These public performances include a wide variety of uses including songs being played in the background at restaurants, cover bands performing in bars (though that would not require a license for the recording) and, increasingly, streaming services online.

Historically, these PROs have wielded extraordinary power. Those who wanted to perform music needed a license from them and there was concern that they created antitrust issues by being such dominant players in the space. In 1941, following a lawsuit by the DOJ, ASCAP entered into a consent decree, basically a settlement, with the government.

The decree, and a similar one signed later with BMI, limited the way the two organizations could operate in several key ways.

  1. Only Performance Rights: ASCAP and BMI can only administer performance rights, not any other, often related, rights.
  2. Non-Exclusive Licenses: PROs must have non-exclusive licenses, meaning that publishers retain the ability to directly license their catalogues.
  3. Required to Grant License: ASCAP and BMI are required to grant a license to any party that requests one. This license is then valid while the two parties attempt to negotiate a rate.
  4. Rate Courts: If the two sides are unable to reach an agreement on a rate, the dispute is settled by a special rate court, which was created under the consent decree.

The consent decrees haven’t been without benefit to ASCAP and BMI. The decrees have largely kept antitrust issues at bay for the two. Compare that the Society of European Stage Authors and Coposers (SESAC), a third PRO without a consent decree, that is currently the subject of an antitrust lawsuit.

Still, these limitations have cone under fire in the digital age. While the consent decrees have been updated several times since their first establishment, the core of them remains unchanged, even as copyright law itself was overhauled in the 1970s.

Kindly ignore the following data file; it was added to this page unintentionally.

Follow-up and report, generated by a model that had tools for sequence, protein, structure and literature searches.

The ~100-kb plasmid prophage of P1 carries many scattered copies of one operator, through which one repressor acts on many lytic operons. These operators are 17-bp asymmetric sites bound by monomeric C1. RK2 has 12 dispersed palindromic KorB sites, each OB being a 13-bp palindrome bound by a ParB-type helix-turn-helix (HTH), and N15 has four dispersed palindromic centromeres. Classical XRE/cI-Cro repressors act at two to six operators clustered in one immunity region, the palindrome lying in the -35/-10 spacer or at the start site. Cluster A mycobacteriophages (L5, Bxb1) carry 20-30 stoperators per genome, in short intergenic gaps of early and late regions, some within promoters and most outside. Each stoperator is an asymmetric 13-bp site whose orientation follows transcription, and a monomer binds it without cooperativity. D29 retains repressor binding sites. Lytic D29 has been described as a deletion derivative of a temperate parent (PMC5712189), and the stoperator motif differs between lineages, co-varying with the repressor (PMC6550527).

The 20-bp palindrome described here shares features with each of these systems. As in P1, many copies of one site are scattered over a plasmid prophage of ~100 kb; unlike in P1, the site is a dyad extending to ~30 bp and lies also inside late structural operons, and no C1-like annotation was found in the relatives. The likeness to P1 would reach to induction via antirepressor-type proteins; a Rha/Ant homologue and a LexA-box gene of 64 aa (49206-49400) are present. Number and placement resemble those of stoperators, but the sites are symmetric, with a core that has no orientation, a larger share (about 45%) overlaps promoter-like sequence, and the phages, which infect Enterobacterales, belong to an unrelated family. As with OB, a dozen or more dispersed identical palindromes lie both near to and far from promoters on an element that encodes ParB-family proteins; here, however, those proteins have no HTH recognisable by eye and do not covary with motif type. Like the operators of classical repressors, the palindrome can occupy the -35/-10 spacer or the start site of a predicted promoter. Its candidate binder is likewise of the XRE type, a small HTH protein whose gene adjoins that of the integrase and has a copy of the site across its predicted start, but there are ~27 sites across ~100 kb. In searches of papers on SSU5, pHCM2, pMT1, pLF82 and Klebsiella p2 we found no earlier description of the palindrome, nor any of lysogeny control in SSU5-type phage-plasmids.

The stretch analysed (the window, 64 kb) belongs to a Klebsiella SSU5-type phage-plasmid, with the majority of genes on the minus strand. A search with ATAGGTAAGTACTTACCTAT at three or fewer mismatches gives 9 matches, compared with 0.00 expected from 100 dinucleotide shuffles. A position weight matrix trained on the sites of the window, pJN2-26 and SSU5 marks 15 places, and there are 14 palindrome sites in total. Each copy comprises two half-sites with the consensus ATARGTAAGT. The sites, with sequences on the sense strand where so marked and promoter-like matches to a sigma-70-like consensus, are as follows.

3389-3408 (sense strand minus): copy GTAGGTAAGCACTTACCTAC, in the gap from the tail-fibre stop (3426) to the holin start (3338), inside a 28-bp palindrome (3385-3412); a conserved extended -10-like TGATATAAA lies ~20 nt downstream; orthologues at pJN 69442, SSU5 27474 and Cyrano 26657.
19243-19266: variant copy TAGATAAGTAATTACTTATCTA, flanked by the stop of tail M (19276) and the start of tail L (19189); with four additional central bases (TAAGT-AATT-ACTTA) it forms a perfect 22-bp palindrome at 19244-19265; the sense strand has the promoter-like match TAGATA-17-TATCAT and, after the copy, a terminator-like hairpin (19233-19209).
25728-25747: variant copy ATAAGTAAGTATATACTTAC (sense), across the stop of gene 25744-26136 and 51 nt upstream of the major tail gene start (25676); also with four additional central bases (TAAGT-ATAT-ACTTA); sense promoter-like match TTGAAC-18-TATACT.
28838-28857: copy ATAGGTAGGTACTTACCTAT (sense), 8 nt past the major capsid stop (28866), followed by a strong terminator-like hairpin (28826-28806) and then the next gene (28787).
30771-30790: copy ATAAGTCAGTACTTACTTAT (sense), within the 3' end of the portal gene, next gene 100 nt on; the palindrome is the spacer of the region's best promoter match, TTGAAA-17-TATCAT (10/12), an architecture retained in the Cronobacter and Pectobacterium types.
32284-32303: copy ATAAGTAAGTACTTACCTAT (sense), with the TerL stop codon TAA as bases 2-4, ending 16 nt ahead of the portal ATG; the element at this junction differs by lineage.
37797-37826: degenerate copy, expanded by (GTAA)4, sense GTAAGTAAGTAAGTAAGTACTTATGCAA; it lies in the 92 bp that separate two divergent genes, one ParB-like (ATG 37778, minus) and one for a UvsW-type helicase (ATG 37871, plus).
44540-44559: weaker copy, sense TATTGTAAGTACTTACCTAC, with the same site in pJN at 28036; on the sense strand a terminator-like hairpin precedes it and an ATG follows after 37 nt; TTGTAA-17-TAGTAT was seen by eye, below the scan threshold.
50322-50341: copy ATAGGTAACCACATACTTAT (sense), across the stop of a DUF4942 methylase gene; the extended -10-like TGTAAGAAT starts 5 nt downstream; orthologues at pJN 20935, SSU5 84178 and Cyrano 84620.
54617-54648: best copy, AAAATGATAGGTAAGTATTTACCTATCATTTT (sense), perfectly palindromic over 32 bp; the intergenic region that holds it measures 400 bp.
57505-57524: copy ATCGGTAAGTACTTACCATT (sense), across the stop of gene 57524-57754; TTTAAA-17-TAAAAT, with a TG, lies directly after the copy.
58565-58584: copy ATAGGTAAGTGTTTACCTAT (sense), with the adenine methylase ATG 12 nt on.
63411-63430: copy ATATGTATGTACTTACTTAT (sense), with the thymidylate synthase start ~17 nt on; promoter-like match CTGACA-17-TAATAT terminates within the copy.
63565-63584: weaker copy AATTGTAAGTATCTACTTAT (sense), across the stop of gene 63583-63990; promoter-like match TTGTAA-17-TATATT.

And that all came to a head thanks to Pandora.

Opening Pandora’s Box

Pandora-LogoIn 2012, Internet radio service Pandora filed a lawsuit against ASCAP in the ASCAP rate court. Pandora said that ASCAP was failing to set “reasonable” license fees for them and sought relief in the courts.

However, the issue changed from royalty rates to a different question, whether publishers could pull their digital rights from ASCAP and other PROs while staying with the PROs for other licensing, such as to bars and restaurants. The court ruled that plan’t do that, that they were “all or nothing” if they chose to partner with a PRO.

This meant that Pandora had a blanket license to use all of ASCAP’s catalogue until December 31, 2015 at the rate established by the rate court in the lawsuit.

However, shortly after the ruling, the DOJ, at the request of ASCAP and BMI, began to look at reviewing the terms of the consent decrees, a process which opened in June of this year, which coincided with a hearing by the House Judiciary committee on the subject of music licensing.

At that hearing, music industry representatives spoke in unison about the need for licensing reform and, specifically, reform of the consent decrees.

The reasons for the reforms and the proposals are important to understand.

The Proposed Changes and Their Reasons

The music industry, by in large, views the consent decrees as being from a bygone era. The original ASCAP lawsuit/consent decree came about after smaller broadcasters complained that ASCAP was unfairly raising rates on them.